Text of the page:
5 Common Symptoms Of ALS

5 Common Symptoms Of ALS

Amyotrophic Lateral Sclerosis, also known as ALS or Lou Gehrig’s Disease (named after the baseball player who had ALS), is a rare neurodegenerative disease that affects the motor neurons that control voluntary muscles. This can lead to loss of control over these muscles as the disease develops.

ALS is a progressive disease which means that over time the symptoms get worse. The initial symptoms are relatively subtle, which means that it is difficult to diagnose someone with ALS, and many tests need to be done to do so.

Because the initial symptoms are subtle, they are often overlooked. It also depends on what ‘type’ of ALS you have over which aspect of your body is affected first.

In this article, we outline 5 of the most common symptoms of ALS. You can find more information about ALS at https://www.mybiosource.com/als_amyotrophic_lateral_sclerosis.

What Causes ALS?

There is no known cause for 90% of ALS cases. Only 5-10% of ALS cases can be linked to genetics.

While anyone can get ALS, the most common traits in people who develop ALS is that they are typically over the age of 55, they are male, and they are white. Veterans are also 1.5-2 times more likely to be diagnosed with ALS, but the reasons for that are unknown.

Ongoing research is happening to see if there are any environmental factors that are the cause of people developing ALS.

Stiff Muscles

As ALS is a progressive disease that affects muscles, one of the first signs is stiffness in the muscles. This typically only shows up in one limb at first before spreading.

This stiffness can affect everyday tasks like walking or picking up items. As ASL develops, the muscles will become harder to move.

Muscle Twitching

Muscle twitching is another early sign of ALS, this also applies to muscle cramps. It will start subtly as a sign of muscles breaking down.

Wasting Muscle

One of the most common symptoms is muscle wasting away. The muscles will get weaker until they can’t function anymore. This will start as difficulty performing simple tasks like buttoning a shirt or writing.

This may not typically be just muscles getting weaker but also the transmissions from the brain to the muscles weakening. This could give the illusion of weaker muscles as it is harder to move them mentally.

Muscle weakness usually only affects one limb at first, so struggling to carry heavy items or stumbling when walking are subtle early signs.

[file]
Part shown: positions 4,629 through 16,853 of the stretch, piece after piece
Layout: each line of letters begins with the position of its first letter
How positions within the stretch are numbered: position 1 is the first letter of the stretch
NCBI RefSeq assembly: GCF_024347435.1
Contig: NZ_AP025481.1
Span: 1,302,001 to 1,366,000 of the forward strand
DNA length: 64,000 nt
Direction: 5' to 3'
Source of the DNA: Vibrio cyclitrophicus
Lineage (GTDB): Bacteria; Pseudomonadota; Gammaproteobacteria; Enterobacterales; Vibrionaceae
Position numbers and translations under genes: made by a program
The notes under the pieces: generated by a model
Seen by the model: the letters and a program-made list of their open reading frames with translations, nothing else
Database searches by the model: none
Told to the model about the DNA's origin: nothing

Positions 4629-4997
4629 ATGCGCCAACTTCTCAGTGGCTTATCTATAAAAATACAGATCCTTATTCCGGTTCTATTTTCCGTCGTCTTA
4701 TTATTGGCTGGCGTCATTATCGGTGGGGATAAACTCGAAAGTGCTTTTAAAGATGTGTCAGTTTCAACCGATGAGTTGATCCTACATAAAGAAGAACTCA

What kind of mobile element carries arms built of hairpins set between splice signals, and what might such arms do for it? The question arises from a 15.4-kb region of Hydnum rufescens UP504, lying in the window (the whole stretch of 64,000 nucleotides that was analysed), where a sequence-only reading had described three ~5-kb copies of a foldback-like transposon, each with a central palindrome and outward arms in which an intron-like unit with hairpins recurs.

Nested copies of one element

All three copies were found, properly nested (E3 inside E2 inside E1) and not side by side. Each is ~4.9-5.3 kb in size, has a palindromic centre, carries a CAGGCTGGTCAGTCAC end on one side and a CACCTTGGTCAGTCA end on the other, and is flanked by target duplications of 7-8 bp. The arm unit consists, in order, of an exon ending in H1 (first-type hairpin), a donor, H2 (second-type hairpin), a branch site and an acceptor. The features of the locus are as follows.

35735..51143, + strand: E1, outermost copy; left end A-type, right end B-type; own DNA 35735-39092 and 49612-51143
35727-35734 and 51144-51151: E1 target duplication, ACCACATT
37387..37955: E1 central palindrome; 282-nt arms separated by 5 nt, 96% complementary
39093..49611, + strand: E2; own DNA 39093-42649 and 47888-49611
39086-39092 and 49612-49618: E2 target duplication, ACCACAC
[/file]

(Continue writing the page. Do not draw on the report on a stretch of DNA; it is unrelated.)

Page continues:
There are 2 ‘types’ of ALS based on what motor neurons are affected first. Limb onset ALS is where it starts as a weakness in the arms or legs.

Difficulty Swallowing Or Chewing

The second ‘type’ of ALS is bulbar onset ALS. This is where the first stages of ALS develop as difficulty with speaking or swallowing.

This could lead to slurred speech and the requirement of a feeding tube early on. Having a limited ability to eat can cause people with ALS to become malnourished.

Cognitive And Behavioral Changes

While it is considered more of a late-stage symptom, as ALS is a neurologic disease, the brain can be heavily affected. This could lead to behavioral changes or memory issues. Some ALS patients develop a form of dementia known as frontotemporal as a later symptom.

ALS affects voluntary muscles, so most people with it have fully functioning brains and can have rational thoughts and problem-solving skills. Having the mental capacity but not the physical capacity to perform actions can cause people with ALS to experience symptoms of depression or anxiety.

Due to the weakness of the body, fatigue is also a common symptom of ALS. Feeling tired can create poor decision-making and irritability that can appear as behavioral changes.

Later Symptoms

As ALS progresses, its symptoms get worse until they become fatal. The development of the symptoms varies across people with what order they get symptoms and how fast they get them.

Since it directly affects voluntary muscles, ALS leads the person to become paralyzed and unable to eat or breathe without assistance.


From the first diagnosis, most ALS patients live about 3-5 years more. There are rare cases where they make it past ten years; for example, Stephen Hawkings lived 55 more.

ALS causes increased weakness in the body, with death usually being caused by respiratory failure.

There is no known cure for ALS. While there are treatments and medications for it, they typically only add a couple of extra months.


Cookies - FAQ - Multiplex - Privacy - Security - Support - Terms
Copyright © 2024 Solespire di Marcus Anthony Cyganiak | VAT 07382290489